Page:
Foreign Investing Basics: 3 Strategies

International exposure is key for almost any portfolio. Here's how to get started.

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Miranda Marquit

One of the hallmarks of a successful portfolio is supposed to be diversity. But diversity isn't just about asset class. You can also add diversity with the help of geography.

Add foreign investments to your portfolio, and you could see yourself protected during times when United States markets are struggling. Not every investment follows America’s lead, and a few foreign investments can make sense in your portfolio. Here are three simple ways to add a little geographic diversity to your portfolio:

1. Invest in foreign companies listed on U.S. exchanges. While you can go directly to a foreign exchange and trade (make sure you understand the regulations before you do this), it might be easier to invest in foreign companies on exchanges in the U.S.. Many foreign firms are anxious to trade on American exchanges, and are willing to meet the listing requirements. Start out with these investments to get comfortable.

2. Take advantage of funds. One of the great investing inventions is the fund. Index funds and exchange-traded funds (ETFs) are great products that can provide you with access to a variety of assets while limiting your risk through instant diversity. Additionally, these types of funds are often low-cost.

You can find ETFs and index funds that focus on foreign stocks, bonds, and currencies. Each asset class comes with its own risk, though, so you need to be aware of that. An ETF specializing in foreign currencies might be riskier than an index fund based on the broad MSCI ACWI All-Cap Index. Likewise, foreign bond funds focused on developed countries come with lower risk (and lower returns) than bond funds that focus on emerging markets.

3. Consider REITs. Buying real estate in foreign countries can prove tricky. However, there are real estate investment trusts that focus on foreign assets. Consider investing in these REITs if you want to add property to your portfolio without the need for large amounts of capital or the red tape associated with directly owning property in a foreign country.

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Evaluate the Risks of Foreign Investments

Before you commit your resources, evaluate the risks involved. While adding some geographic diversity to your portfolio can make sense, you don’t want to overload your portfolio with risky foreign assets. Evaluate foreign investments as you would domestic investments; realize that some are less risky than others.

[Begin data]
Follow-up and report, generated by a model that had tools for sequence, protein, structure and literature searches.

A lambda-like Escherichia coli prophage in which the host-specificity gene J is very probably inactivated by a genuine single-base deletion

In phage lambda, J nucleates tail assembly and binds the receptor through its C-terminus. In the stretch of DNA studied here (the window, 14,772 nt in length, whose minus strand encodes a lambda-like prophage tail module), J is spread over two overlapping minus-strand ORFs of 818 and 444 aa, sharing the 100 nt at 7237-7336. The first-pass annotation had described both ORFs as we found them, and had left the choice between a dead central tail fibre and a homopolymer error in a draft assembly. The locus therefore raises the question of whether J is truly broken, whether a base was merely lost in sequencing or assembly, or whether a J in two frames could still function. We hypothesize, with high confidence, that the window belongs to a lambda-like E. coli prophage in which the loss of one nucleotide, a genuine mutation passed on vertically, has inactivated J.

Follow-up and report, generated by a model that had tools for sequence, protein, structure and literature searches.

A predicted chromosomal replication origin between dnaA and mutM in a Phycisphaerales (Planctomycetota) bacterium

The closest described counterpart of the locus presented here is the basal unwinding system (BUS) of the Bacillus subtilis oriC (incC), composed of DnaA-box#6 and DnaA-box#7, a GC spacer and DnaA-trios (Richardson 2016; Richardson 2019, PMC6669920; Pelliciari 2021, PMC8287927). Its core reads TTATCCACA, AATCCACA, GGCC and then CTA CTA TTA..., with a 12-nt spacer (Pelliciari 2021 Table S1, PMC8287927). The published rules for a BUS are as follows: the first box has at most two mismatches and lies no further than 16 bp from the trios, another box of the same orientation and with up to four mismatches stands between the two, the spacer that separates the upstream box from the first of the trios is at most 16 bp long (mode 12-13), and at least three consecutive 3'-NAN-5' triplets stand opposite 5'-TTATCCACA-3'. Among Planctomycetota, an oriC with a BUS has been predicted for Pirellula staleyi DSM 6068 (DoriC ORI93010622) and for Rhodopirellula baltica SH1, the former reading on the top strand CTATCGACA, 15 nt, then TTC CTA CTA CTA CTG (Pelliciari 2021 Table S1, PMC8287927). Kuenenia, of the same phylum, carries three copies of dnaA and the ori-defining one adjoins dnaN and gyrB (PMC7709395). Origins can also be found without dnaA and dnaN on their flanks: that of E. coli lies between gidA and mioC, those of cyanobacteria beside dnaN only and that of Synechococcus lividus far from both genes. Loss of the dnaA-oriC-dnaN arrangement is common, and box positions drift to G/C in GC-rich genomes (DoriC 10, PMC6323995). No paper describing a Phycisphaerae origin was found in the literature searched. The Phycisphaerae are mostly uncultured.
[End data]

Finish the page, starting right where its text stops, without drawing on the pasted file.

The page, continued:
You also need to be aware that you might run into some very particular risks with foreign investments, especially if you invest directly in a foreign exchange or buy foreign bonds directly:

  • Exchange rate risk: Pay attention to whether or not you are investing using dollars. Also, be aware that you might receive some of your dividends in currencies other than the dollar. This means that as you convert currencies to the dollar, you face risk from conversion fees and currency market fluctuations.
  • Less liquidity: There are some instances in which you might find it difficult to convert your foreign holds back into cash. Investing in funds that are based on foreign currencies can be one way to reduce this risk, as can investing in foreign companies listed on U.S. exchanges.
  • Higher volatility: Some foreign investments are subject to wider swings in performance. This can be especially true in developing and emerging markets. Pay attention to political situations, and other items to determine whether volatility might be an issue.
  • And, of course, you always face the risk of loss anytime you invest. No matter how “safe” something seems, or how good the past performance, you need to be alert to the potential losses.

    Exposure to foreign investments can be good for your portfolio—and you don’t even have to invest directly in a foreign exchange to take advantage of global securities. Consider low-cost funds and REITs at a reasonable allocation inside your portfolio, and you could see some solid long-term growth.

    Miranda is a freelance contributor to several investing and personal finance web sites. She also writes for her own blog, Planting Money Seeds.